Monday, July 24, 2017

FROM ROCKAWAY was one of my favorite books, and now Jill Eisenstadt has a new one out, SWELL, about family, being haunted, and of course, the beach at Rockaway, Queens.

 I'm so excited to host Jill Eisenstadt, the author of the novels FROM ROCKAWAY (Knopf, 1987/Vintage Contemporaries, 1988, Back Bay Books, 2017), KISS OUT (Knopf, 1991) and SWELL, (Little, Brown & Co). Her essays, articles and short fiction have appeared in such publications as The New York Times, New York Magazine, Mademoiselle, Seventeen, Vogue, Elle, Bomb, and more.

Swell, her newest novel, is set against the shoreline of Rockaway Beach, Queens, and it takes on a darkly comic look at family, a haunted house, secrets and of course, surprises. It's a wonderful novel, and thank you again, Jill, for being here!

I so remember From Rockaway, your first novel. I so loved that book. Do you feel like a different writer now? And if so, how so?

Thank you!

 Naturally life experience has deepened and broadened my understanding but my sensibility and connection to writing remains the same.  It took quite a bit of work on Swell for me to realize that the former firefighter from whose perspective I’d been writing was actually Tim from From Rockaway, only older. Time had changed the character too but it was still his voice and point of view.

 What was the “why now, why this book” moment for Swell? I always want to know, too, if the finished novel was anything like the initial idea?

I had no “why now, why this book” moment. For years I’d resisted writing fiction about Rockaway or even the outer boroughs again.  But I remained obsessed with the place and kept notes. Something cracked when I was asked to contribute a Rockaway story to the anthology Queens Noir (Akasic Books). I immediately knew what I’d write and was so engaged in doing so that I absolutely had to continue. The finished novel resembles the general initial idea but  a great many specifics changed along the way.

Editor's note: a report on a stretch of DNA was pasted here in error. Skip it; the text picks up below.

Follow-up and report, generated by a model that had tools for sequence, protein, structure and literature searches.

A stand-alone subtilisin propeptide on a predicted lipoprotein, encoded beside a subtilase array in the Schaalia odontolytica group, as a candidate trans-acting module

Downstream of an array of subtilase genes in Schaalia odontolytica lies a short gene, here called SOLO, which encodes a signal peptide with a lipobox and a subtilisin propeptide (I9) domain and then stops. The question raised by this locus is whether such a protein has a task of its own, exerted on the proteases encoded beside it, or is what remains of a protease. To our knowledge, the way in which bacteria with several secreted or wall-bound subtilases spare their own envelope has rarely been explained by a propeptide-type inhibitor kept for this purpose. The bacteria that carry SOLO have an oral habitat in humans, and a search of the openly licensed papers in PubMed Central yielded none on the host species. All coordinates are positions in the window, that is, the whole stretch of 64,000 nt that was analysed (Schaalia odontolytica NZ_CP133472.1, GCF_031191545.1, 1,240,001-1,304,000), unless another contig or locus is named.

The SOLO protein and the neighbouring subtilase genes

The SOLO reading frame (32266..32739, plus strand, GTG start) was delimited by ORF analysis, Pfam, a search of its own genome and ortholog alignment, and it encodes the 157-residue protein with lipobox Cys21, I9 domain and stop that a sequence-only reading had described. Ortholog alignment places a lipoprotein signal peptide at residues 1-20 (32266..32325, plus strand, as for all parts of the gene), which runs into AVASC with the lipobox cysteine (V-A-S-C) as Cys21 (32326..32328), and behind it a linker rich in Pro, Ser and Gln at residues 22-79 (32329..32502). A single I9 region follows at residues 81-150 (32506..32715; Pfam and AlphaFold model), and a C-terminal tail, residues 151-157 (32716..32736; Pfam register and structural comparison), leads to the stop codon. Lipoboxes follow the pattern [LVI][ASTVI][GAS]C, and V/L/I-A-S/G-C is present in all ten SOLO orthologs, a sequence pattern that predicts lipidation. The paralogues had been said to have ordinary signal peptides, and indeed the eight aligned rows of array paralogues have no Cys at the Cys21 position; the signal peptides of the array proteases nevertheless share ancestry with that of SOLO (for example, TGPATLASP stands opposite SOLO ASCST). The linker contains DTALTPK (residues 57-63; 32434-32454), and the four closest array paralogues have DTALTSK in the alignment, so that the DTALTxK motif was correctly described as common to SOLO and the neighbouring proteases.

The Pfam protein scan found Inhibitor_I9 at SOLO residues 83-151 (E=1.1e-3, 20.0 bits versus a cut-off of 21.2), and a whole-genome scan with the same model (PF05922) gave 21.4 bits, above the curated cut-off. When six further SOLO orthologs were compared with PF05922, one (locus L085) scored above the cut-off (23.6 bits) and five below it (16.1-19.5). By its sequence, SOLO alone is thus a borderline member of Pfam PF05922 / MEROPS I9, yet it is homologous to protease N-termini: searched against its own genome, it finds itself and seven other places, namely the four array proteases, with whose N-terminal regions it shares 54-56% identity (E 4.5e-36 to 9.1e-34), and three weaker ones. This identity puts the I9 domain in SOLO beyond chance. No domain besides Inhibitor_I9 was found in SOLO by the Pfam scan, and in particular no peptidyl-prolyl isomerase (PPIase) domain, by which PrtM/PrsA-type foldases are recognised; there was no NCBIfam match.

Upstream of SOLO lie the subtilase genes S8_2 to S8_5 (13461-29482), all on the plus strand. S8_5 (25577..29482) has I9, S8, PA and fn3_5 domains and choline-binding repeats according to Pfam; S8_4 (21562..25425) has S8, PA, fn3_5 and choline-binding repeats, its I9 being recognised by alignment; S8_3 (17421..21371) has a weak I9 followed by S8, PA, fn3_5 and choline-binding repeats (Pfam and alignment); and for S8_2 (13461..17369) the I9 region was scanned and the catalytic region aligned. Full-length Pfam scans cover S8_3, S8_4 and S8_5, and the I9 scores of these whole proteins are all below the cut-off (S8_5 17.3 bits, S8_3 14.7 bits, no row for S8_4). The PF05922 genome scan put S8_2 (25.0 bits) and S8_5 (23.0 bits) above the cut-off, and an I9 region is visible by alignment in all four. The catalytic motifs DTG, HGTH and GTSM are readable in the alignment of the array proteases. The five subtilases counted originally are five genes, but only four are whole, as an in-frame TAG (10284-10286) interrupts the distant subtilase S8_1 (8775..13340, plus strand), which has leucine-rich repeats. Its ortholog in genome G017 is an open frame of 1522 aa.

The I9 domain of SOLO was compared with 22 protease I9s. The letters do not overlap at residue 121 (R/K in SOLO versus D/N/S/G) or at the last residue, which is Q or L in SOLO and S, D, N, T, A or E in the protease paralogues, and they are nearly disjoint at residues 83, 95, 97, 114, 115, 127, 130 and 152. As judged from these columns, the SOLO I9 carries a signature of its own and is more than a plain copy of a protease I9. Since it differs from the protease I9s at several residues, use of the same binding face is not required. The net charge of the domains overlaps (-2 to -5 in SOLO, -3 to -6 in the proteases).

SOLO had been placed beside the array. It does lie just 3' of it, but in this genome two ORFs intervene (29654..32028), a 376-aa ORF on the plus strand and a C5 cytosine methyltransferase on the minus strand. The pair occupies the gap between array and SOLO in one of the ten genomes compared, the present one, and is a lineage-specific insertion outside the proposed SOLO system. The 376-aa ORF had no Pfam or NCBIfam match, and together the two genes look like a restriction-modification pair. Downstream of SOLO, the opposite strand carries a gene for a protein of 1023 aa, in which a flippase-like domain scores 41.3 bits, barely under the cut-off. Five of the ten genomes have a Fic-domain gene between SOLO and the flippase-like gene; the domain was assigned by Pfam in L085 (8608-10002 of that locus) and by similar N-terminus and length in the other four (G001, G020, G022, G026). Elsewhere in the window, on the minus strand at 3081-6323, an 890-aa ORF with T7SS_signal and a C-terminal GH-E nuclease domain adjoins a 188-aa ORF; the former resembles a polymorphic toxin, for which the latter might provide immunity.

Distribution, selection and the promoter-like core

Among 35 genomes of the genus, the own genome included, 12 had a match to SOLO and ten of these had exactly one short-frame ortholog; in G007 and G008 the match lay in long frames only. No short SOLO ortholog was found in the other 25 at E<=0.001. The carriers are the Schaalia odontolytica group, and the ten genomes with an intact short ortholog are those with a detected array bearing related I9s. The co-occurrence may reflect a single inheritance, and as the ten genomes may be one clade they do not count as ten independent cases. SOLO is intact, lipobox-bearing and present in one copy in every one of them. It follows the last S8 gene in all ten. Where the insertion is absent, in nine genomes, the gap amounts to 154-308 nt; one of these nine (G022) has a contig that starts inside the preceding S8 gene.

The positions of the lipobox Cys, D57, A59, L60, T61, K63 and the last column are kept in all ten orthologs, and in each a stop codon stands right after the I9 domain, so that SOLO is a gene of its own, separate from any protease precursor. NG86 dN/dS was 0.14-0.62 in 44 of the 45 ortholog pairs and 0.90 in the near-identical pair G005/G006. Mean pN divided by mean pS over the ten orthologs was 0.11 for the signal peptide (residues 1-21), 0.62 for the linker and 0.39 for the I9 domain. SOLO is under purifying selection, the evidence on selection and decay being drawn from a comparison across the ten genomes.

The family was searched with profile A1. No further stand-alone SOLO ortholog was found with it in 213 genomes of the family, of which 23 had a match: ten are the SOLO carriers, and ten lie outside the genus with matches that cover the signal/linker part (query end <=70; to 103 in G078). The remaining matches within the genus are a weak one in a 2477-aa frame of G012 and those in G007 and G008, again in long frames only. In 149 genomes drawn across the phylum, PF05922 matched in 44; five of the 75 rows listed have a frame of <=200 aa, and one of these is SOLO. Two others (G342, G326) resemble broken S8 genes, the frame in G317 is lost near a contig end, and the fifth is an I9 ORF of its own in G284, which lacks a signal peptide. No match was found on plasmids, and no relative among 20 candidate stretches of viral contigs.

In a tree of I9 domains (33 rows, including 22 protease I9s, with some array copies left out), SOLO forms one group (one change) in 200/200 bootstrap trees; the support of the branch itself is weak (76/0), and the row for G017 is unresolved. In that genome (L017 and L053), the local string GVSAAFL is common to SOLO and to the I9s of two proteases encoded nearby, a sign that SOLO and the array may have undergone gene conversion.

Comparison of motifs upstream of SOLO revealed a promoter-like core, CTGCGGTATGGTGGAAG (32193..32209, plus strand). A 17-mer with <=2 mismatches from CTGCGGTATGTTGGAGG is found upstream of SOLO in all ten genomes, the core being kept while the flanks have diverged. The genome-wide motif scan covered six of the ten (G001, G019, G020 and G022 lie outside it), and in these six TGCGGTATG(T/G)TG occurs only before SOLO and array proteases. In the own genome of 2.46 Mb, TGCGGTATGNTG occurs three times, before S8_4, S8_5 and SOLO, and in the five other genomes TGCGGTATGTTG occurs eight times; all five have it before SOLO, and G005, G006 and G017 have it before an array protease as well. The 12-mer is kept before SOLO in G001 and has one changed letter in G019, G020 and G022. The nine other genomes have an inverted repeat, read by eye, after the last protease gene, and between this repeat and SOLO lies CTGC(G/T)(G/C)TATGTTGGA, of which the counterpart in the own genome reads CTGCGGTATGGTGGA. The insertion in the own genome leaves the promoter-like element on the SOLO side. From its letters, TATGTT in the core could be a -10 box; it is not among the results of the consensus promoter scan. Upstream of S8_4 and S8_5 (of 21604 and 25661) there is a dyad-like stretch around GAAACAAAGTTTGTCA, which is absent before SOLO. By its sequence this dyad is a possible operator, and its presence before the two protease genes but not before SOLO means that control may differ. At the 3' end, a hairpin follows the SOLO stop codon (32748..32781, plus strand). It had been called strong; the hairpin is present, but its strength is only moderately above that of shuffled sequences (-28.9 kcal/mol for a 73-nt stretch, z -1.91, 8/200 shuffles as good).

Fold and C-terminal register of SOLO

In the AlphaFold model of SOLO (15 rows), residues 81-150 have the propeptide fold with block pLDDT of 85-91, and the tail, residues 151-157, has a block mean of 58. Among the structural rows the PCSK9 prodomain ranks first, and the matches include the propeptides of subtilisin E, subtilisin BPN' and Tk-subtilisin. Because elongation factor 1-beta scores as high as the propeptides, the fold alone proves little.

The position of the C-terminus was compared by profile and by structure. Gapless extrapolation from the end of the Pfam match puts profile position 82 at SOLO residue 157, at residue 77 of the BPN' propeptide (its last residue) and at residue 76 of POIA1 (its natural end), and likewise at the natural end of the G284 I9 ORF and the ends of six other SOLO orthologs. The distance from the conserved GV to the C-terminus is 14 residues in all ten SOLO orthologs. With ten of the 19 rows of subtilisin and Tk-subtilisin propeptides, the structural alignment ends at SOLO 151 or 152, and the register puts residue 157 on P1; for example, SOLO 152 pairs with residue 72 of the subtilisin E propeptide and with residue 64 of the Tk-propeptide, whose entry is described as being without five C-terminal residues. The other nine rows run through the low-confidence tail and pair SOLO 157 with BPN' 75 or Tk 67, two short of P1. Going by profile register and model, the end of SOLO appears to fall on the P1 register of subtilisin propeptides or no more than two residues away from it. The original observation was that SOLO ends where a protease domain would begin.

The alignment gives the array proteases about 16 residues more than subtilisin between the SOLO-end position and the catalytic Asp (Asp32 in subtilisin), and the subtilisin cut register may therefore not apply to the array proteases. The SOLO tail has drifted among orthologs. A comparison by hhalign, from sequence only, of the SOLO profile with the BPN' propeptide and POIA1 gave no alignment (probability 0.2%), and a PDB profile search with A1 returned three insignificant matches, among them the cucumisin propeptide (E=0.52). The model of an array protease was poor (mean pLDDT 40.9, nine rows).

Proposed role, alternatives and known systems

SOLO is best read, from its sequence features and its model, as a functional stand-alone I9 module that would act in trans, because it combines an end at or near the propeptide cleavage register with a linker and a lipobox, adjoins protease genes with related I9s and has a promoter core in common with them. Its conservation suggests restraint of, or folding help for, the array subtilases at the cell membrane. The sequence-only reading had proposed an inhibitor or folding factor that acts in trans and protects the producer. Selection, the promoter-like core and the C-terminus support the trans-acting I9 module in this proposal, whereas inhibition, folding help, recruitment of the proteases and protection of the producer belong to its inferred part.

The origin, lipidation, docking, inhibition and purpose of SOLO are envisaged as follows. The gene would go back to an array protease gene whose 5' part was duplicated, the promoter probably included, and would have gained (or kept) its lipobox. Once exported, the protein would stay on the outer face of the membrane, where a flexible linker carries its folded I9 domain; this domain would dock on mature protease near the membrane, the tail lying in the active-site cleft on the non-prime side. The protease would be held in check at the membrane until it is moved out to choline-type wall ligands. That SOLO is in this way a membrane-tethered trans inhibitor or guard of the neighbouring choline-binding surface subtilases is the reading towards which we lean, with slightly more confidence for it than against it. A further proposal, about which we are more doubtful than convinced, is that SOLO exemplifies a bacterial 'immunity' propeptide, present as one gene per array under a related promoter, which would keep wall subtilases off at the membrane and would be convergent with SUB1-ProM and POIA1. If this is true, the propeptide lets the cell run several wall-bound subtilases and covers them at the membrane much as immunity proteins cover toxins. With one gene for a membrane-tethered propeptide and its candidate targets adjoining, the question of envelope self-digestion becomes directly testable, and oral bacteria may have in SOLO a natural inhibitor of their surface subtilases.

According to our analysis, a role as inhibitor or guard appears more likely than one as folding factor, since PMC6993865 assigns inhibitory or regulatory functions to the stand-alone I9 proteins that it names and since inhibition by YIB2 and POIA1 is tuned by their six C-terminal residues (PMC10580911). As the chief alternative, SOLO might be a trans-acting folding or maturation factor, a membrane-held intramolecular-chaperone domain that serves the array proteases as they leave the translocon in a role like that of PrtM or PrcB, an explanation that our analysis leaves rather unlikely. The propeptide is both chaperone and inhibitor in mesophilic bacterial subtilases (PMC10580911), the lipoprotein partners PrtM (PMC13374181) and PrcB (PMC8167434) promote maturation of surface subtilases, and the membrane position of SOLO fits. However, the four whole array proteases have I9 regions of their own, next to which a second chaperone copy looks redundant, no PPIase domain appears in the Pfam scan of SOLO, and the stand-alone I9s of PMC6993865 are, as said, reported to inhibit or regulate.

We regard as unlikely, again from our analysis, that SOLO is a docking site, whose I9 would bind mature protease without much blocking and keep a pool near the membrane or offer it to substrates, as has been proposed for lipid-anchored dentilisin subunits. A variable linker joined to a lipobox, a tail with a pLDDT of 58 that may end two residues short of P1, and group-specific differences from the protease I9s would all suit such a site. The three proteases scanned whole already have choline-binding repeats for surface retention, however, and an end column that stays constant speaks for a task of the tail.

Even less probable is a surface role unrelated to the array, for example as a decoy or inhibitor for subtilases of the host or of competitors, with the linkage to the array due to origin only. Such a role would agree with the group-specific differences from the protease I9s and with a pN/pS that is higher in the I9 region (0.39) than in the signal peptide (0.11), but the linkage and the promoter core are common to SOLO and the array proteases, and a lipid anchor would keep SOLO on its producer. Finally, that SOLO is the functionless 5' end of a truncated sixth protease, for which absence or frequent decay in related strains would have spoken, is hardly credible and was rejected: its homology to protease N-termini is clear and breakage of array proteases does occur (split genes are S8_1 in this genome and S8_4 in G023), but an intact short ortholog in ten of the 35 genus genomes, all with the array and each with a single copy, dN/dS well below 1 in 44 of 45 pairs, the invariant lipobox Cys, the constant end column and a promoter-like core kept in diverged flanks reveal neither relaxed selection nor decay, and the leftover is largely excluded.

I loved the haunted house. Ever been in one?

It’s thrilling to read about haunted houses [see Shirley Jackson] and I want to believe they exist but for me, it’s difficult.
 Swell aims to point to the ways people and places continue to haunt us long after they’re gone. Even our own younger selves seem to hover around us like ghosts. A swell is a system of ocean waves that aren’t created by local winds but in some former, stormy place, in the past.  This is why you can go to the beach on a beautiful, still sunny day and find big, rough water. 

What kind of writer are you? Do you write things out on sheets of paper, use Scrivenor, fly by the seat of your pen? 
I’m an everything writer --- blank books, computer, scraps of paper, the Notes function on my Iphone — whatever is handy.

What’s obsessing you now and why?

History. Time capsules. Back when From Rockaway was still in galleys (1986 or 7), I added it to a time capsule that was being a buried in Rockaway. Recently, I noticed that there is no marker at the spot and began a small investigation.  A newspaper account at the time named the library as the capsule’s custodian. But nobody in the Queens library system seems to know anything about it or care. It got me thinking about local history, about centuries of buried stories and about the idea that a book itself is a form of time capsule. 

What question didn’t I ask that I should have?
Would you like to have a drink sometime?

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